Decision day looms for new St Andrews secondary school

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A decision will be made next week (Wednesday 9) on the plans for a new secondary school in St Andrews.

Madras College has been earmarked for a new building for several years, and plans were submitted in February 2018 for the new school at the Langlands site in the west of St Andrews.

The school grounds would have two new all weather pitches, 172 car parking spaces, 19 coach parking spaces and 112 cycle spaces.

The school capacity would remain roughly the same, with space for 1450 pupils across the three storey campus

It is estimated that the £50m project would take two years to complete, with a view to opening for the 2021-22 school year.

Currently, the high school is split across two facilities.

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Locals have been mostly in favour of the application, with 97 support letters submitted against  11 letters of objection.

They included Mr Anthony Brennan, who stated: “St Andrews needs a new school desperately and it is bitterly disappointing that some well funded vocal objectors have focused their efforts on damaging the future of the town in the name of preserving it.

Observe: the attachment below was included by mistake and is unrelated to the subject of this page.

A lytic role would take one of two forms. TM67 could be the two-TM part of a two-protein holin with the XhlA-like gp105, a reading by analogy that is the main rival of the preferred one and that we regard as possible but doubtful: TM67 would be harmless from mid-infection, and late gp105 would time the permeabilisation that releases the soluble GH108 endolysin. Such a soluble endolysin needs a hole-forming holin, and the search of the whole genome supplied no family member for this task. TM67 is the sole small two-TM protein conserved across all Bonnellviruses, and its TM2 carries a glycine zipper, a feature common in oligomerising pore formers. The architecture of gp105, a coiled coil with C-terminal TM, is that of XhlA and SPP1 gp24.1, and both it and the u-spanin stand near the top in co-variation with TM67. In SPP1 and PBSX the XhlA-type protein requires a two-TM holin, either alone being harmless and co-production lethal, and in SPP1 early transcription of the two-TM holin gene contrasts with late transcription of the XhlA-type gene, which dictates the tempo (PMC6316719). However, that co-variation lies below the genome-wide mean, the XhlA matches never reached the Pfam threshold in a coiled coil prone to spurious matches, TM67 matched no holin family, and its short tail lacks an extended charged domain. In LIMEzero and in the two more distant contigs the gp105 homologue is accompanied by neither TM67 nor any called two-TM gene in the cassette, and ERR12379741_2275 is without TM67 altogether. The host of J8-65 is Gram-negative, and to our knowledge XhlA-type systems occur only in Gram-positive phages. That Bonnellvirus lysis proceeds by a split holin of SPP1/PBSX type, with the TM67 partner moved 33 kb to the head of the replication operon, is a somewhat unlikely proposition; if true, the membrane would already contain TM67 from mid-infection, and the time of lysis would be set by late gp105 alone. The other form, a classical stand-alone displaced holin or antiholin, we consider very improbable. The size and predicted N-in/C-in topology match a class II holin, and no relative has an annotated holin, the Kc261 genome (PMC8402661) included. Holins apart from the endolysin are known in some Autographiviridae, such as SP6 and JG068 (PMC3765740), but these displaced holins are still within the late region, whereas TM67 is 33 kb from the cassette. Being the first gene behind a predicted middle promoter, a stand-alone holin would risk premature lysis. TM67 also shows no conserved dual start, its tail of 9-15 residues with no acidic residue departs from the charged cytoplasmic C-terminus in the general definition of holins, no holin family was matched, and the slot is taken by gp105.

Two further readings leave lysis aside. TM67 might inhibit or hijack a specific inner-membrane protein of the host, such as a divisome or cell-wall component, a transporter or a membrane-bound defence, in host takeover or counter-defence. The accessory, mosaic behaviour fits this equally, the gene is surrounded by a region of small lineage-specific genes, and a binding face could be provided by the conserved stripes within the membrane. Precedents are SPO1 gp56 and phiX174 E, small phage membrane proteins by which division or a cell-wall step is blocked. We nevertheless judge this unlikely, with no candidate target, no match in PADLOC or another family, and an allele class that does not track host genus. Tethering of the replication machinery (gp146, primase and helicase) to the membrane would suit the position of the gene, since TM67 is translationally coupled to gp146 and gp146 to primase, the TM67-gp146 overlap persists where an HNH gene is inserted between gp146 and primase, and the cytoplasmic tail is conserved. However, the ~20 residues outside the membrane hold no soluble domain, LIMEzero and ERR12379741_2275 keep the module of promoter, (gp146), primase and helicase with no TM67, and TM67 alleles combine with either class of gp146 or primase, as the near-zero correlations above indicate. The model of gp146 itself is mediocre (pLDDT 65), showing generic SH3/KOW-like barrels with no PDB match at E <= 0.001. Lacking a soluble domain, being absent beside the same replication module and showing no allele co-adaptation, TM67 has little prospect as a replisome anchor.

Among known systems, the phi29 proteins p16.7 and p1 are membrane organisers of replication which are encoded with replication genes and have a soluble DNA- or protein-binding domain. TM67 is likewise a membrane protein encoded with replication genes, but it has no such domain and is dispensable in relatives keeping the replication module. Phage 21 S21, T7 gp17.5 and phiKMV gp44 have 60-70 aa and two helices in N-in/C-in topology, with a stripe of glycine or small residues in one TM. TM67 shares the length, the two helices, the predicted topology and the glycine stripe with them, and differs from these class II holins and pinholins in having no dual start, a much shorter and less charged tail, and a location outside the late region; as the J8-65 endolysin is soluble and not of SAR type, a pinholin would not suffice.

“A new school was being discussed when my children were born, and now they’ll be lucky if the youngest of them sees two years in the new facility. Others have waited much longer. This new school should be built as soon as possible.”

Mr Chris Wallard, added: “I fully support the proposal. Failure to pass this planning application would be a woeful failing for yet another generation of pupils.”

However, Miss Sophie Edwards, from Cupar, objected to the new plans,  saying: “North Haugh is an area of outstanding natural beauty. It is one of the few remaining Arboretums left in Scotland, with ancient trees. It is a well-known fact that one mature tree supports a higher level of diversity, than multiple newly planted trees.

“I appreciate that the proposal includes areas of green space, but these green spaces will never replace the biodiversity that is lost through the destruction of North Haugh.”

She added: “The terrain is not suitable for a road. After any period of rain, which does not have to be heavy or extensive, the area floods. The field by the pond turns into a swamp and this will be exasperated by the laying of tarmac.”